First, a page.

Ivan's Brain Dump




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Storing date and times in UTC on the server side is all nice and dandy, however there are a few gotchas, one of which the definition of “Today” when you a dealing with time zones.

Say we are dealing with a system where a user can keep a history/log of all the food that he eats along with the date and time of when that happened. Current system times are:

Current User Time (UTC+2): 4 April 01:45
Current Server time (UTC): 3 April 23:45

and we have two log entries:

Log Entry User local time (UTC+2): 3 April 19:30
Log Entry Server UTC time: 3 April 17:30

Log Entry User local time (UTC+2): 4 April 01:30
Log Entry Server UTC time: 3 April 23:30

If a user wants to see all the log entries for “Today” his perspective for today is 4 April, but if we use the current UTC date on the server (3 April) to do the query we are going to end up with two results, but only one of them (the second) is for the 4 April. This makes perfect sense on the server side, because from the server end perspective both of those log entries were logged on the 3rd, but that’s not the case with the user.

To solve this we need to calculate the start of user today day and end of user today day and use it as a range to query the log history.

The steps are more or less:

  1. Get the current server time and convert it to user time.

  2. “Rewind” that user time back to midnight (00:00)

  3. Convert that to back UTC and you get the start of day for the user in server terms.

  4. Add 23 hours, 59 minutes, 59 seconds to the above and you have the end of user day in server terms

  5. Query for user_start_of_day <= logentry.Date <= user_end_of_day

A worked example for the above dates and times:

Current Server time (UTC): 3 April 23:45

  1. Server time UtcNow is 3 April 23:45 and the user is in UTC+2, so the user local time is 4 April 01:45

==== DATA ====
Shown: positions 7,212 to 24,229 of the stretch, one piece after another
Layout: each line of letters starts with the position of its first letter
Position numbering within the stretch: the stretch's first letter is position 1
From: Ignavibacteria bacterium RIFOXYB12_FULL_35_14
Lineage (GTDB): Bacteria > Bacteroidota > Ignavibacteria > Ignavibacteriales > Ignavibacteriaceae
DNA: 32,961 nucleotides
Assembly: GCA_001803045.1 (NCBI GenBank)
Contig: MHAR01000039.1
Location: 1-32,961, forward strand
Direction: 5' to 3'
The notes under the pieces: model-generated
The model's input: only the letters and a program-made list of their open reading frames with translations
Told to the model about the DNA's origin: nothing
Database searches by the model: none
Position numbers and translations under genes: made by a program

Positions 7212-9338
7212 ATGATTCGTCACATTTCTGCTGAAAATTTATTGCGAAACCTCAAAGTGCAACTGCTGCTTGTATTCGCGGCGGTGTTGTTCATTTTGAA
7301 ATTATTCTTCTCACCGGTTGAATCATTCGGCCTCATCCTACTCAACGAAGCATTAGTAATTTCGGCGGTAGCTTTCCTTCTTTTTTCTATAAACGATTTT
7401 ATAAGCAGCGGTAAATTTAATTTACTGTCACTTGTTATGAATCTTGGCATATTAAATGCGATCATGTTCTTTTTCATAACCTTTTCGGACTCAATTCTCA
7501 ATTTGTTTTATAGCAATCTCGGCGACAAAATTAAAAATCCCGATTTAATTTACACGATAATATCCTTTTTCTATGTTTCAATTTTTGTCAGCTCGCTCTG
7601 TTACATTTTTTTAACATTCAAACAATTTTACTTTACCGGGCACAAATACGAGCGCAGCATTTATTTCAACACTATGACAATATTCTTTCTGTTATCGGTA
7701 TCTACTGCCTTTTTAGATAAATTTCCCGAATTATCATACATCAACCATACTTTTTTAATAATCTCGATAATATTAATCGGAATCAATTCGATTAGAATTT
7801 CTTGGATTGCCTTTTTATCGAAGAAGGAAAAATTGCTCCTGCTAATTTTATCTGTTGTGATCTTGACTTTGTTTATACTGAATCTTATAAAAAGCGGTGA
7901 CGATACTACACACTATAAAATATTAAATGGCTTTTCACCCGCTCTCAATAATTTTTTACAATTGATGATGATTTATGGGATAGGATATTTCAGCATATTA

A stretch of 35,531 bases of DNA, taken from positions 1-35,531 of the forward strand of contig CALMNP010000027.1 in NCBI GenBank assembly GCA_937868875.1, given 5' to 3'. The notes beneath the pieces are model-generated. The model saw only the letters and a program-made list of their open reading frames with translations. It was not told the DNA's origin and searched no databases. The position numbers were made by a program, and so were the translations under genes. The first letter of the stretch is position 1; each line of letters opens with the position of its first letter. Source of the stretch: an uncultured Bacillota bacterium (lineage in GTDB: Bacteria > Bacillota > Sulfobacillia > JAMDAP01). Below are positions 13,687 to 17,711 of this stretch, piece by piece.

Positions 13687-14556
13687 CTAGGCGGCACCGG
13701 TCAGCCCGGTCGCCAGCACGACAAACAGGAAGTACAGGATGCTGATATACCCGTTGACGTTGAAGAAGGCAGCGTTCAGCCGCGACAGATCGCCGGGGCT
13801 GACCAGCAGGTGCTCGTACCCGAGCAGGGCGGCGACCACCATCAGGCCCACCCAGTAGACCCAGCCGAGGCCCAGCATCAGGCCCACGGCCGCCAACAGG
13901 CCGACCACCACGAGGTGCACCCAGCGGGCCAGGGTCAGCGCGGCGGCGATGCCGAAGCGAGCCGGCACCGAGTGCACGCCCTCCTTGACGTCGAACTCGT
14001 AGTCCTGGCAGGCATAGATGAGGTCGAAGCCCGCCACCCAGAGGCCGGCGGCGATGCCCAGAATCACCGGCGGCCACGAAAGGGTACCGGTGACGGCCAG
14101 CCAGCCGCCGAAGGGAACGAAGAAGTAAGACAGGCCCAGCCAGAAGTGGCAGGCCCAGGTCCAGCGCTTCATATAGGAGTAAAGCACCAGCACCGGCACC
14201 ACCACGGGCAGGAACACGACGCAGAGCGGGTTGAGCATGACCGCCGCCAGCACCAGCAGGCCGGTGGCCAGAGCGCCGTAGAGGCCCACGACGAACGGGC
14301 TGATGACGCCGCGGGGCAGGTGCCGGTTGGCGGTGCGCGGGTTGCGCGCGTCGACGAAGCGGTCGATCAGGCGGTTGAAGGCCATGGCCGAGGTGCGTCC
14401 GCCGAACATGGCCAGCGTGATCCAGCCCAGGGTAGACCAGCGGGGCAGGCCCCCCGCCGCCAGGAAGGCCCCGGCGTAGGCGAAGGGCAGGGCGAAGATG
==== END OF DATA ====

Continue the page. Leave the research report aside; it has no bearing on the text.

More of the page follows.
2. This gives start of day for the user local time at 4 April 00:00

  3. Which is 3 April 22:00 in server UTC time – the user_start_of_day

    • 23:59:59 gives us 4 April 21:59:59 as the end of day
  4. We query for log entries where the log UTC timestamp is between 3 April 22:00 and 4 April 21:59:59 , which will return only one result in the above case, which is correct.

Here is also a C# TimeZone class I have for each of my users in one of my toy projects:

public class TimeZone : Entity
{
    protected TimeZone ()
    {
    }

    public TimeZone (string name, TimeZoneInfo timeZone)
    {
        if (timeZone == null)
            throw new ArgumentNullException ("timeZone", "timeZone is null.");
        if (String.IsNullOrEmpty (name))
            throw new ArgumentException ("name is null or empty.", "name");

        Name = name;
        this.TimeZoneInfo = timeZone;
    }

    public virtual string Name { get; set; }
    public virtual TimeZoneInfo TimeZoneInfo { get; set; }

    public virtual DateTime StartOfToday {
        get {
            DateTime serverNow = DateTime.UtcNow;
            DateTime userNow = ToLocalTime(serverNow);
            return ToUniversalTime (userNow.Date);
        }
    }

    public virtual DateTime EndOfToday {
        get { return StartOfToday.Add (new TimeSpan (23, 59, 59)); }
    }

    public virtual DateTime ToLocalTime (DateTime utcTime)
    {
        return TimeZoneInfo.ConvertTimeFromUtc (utcTime, this.TimeZoneInfo);
    }

    public virtual DateTime ToUniversalTime (DateTime localTime)
    {
        if (localTime.Kind == DateTimeKind.Utc)
            return localTime;

        return TimeZoneInfo.ConvertTimeToUtc (localTime, this.TimeZoneInfo);
    }
}

P.S: Some of you will spot a further implication of this and that is that we must always store the time as well as the date.

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Ivan Zlatev


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